Four years and an inspirational trip to singer/guitarist Kushal Gaya’s home country of Mauritius later, we have Shackle’s Gift, a multilingual, experimental freakout of fusion, funk and free jazz that draws influences from every corner of the world (both physical and musical) and reforms them as solid, sedimentary rocks of pop music.

It’s a largely joyous experience, case in point being recent lead single “African Tree”, a striding, lolling, grinning cartoon stomp that offers, half-drugged “I just can’t see your face” before leaping into a maddeningly memorable Talking Heads chorus. “Why are you only wearing shades of green?!” demands Gaya, Matt Jones beating the absolute piss out of his drumkit as an incendiary rock riff worthy of Jarcrew slams on the brakes at it’s all-too-soon conclusion. It’s almost impossible to type when compelled to dance around the living room with your cat. Almost.

That we may be in the presence of genuine mind-bending greatness is suggested further by the irrepressible “Tickle the Line”, which in under three minutes develops a groove so absolutely fucking righteous it could raise the dead, or at least get an indie kid out from under his fringe and on to a real life dancefloor. The song is almost comically great – all surging melodies, building beats and near-blinding brightness.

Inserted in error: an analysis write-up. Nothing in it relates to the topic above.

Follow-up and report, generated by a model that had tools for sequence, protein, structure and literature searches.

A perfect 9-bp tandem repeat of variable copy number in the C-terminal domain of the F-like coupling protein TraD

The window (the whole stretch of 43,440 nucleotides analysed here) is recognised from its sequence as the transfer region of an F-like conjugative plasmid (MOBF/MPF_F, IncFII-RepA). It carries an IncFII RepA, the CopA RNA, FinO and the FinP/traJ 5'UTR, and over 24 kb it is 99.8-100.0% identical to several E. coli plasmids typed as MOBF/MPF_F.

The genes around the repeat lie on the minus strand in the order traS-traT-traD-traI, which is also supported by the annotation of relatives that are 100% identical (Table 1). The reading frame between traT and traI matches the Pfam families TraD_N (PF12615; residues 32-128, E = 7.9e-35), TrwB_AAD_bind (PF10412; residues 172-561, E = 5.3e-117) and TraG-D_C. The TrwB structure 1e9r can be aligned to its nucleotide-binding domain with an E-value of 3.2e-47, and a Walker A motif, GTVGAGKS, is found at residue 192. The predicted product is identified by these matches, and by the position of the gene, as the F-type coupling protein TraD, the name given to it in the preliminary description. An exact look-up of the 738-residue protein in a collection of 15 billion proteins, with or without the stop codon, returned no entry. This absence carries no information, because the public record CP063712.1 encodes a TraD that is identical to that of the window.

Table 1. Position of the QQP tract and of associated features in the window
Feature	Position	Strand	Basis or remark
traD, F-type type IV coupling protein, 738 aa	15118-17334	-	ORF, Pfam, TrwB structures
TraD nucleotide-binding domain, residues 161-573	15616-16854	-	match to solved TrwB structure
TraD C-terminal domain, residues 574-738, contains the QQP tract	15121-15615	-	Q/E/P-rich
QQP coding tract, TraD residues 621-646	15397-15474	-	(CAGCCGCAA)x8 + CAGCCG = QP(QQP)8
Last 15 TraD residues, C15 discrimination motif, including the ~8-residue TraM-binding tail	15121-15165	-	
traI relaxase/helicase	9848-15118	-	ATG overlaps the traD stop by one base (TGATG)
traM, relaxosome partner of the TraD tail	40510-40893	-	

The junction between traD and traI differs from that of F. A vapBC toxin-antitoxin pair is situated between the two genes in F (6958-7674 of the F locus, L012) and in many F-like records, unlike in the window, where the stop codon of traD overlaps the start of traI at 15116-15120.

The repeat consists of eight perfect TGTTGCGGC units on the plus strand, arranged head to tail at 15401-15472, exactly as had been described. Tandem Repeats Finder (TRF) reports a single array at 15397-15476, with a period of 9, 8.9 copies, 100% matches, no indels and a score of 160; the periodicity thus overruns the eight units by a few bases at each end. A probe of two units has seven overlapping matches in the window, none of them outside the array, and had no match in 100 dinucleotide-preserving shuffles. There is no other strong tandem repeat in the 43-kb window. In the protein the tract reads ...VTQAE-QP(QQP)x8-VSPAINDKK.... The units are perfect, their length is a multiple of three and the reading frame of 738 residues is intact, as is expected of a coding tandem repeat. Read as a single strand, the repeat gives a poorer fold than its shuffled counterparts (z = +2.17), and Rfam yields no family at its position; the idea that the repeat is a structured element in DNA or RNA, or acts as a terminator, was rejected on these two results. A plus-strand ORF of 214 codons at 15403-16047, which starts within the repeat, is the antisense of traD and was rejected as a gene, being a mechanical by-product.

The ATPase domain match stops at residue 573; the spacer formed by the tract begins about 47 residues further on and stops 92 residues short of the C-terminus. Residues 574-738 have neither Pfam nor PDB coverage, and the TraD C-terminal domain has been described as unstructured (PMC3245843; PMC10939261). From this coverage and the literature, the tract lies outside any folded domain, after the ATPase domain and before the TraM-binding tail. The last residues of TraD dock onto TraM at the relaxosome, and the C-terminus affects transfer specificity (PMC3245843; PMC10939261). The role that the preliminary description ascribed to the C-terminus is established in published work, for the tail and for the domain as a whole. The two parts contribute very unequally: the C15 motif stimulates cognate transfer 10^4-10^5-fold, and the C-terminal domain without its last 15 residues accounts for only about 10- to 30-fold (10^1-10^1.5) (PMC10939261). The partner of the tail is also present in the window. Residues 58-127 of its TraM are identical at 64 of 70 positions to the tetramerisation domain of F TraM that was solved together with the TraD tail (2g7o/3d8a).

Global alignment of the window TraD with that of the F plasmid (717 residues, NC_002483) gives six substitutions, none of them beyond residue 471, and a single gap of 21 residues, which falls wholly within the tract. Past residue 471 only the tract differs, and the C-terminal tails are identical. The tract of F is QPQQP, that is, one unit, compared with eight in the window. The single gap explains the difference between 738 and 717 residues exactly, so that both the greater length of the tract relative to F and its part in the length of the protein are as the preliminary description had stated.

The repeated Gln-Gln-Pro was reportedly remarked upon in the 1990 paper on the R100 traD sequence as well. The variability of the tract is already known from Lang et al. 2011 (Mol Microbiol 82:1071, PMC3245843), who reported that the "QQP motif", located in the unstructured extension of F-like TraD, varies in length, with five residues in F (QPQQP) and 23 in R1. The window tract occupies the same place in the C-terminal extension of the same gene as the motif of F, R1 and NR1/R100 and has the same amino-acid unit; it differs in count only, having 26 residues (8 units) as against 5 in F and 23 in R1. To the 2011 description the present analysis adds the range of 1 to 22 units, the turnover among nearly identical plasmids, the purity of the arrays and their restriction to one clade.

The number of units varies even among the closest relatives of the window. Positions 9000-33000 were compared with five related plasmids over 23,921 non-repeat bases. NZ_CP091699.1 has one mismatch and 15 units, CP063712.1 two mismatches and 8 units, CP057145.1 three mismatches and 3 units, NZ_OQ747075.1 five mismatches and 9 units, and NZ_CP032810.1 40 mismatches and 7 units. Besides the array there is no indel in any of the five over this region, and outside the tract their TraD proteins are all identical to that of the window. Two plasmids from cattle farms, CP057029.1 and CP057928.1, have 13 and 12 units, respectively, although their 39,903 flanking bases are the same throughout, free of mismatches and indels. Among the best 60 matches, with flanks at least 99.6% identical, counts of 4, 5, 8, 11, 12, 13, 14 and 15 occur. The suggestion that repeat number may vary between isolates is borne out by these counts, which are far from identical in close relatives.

That level of optimism and enthusiasm is initiated by opener “Rigid Man”, Gaya chanting “I should grab my first chance like it was my last” as Yoshino Shigihara’s synths bubble atop the surface of new boy Stephen Kerrison’s slanted guitars, jutting polyrhythms and multilingual vocalising that can sometimes border on glossolalia.

There are darker, denser moments. Gaya sounds incredibly similar to Robert Owen, the yearning voice of the criminally underrated and long lost Corporation:Blend on the time-shifting swing of “Soul Scratch” which boasts a shoving, shouldering chorus that sounds like its being birthed on the spot, and a final sequence reminiscent of Mansun at their sexy strangest.

There’s also the metallic march of closer “City Thunder” on which Gaya demands “full colour” and on the beautiful, lachrymose refrain offers “Sometimes I worry I left my country / Sometimes I worry I’ll go back no more”.

In line with those darker sentiments but quickly flagged up as the weakest point of the record is the 90s indie rocker “I Want You To Know”, which drifts lumpen into mid-period Radiohead territory. It’s still of sonic interest, intrigue even, but this is a band that shines brightest when their blazing technical talent, seemingly infinite imagination and the stunning production of Fucked Up’s Andrew Hung are combined with, quite frankly, a banging tune. They manage it almost every time but this particular moment feels like something of a pub rock error.

Minor misstep aside this is a kaleidoscopic album, dazzling in it’s detail, impressive in it’s intricacies and, best of all, one drawn from so many disparate styles, forms and functions that you could spend months digging through the cultural and musical references to satisfy the kind of musical curiosity it sparks. You’ll smile at this, you’ll cheer it, you’ll groove to it. And then you’ll sit with your head between the speakers and try to decode it – which, along with the cat-dancing is a pretty sure sign of a great record.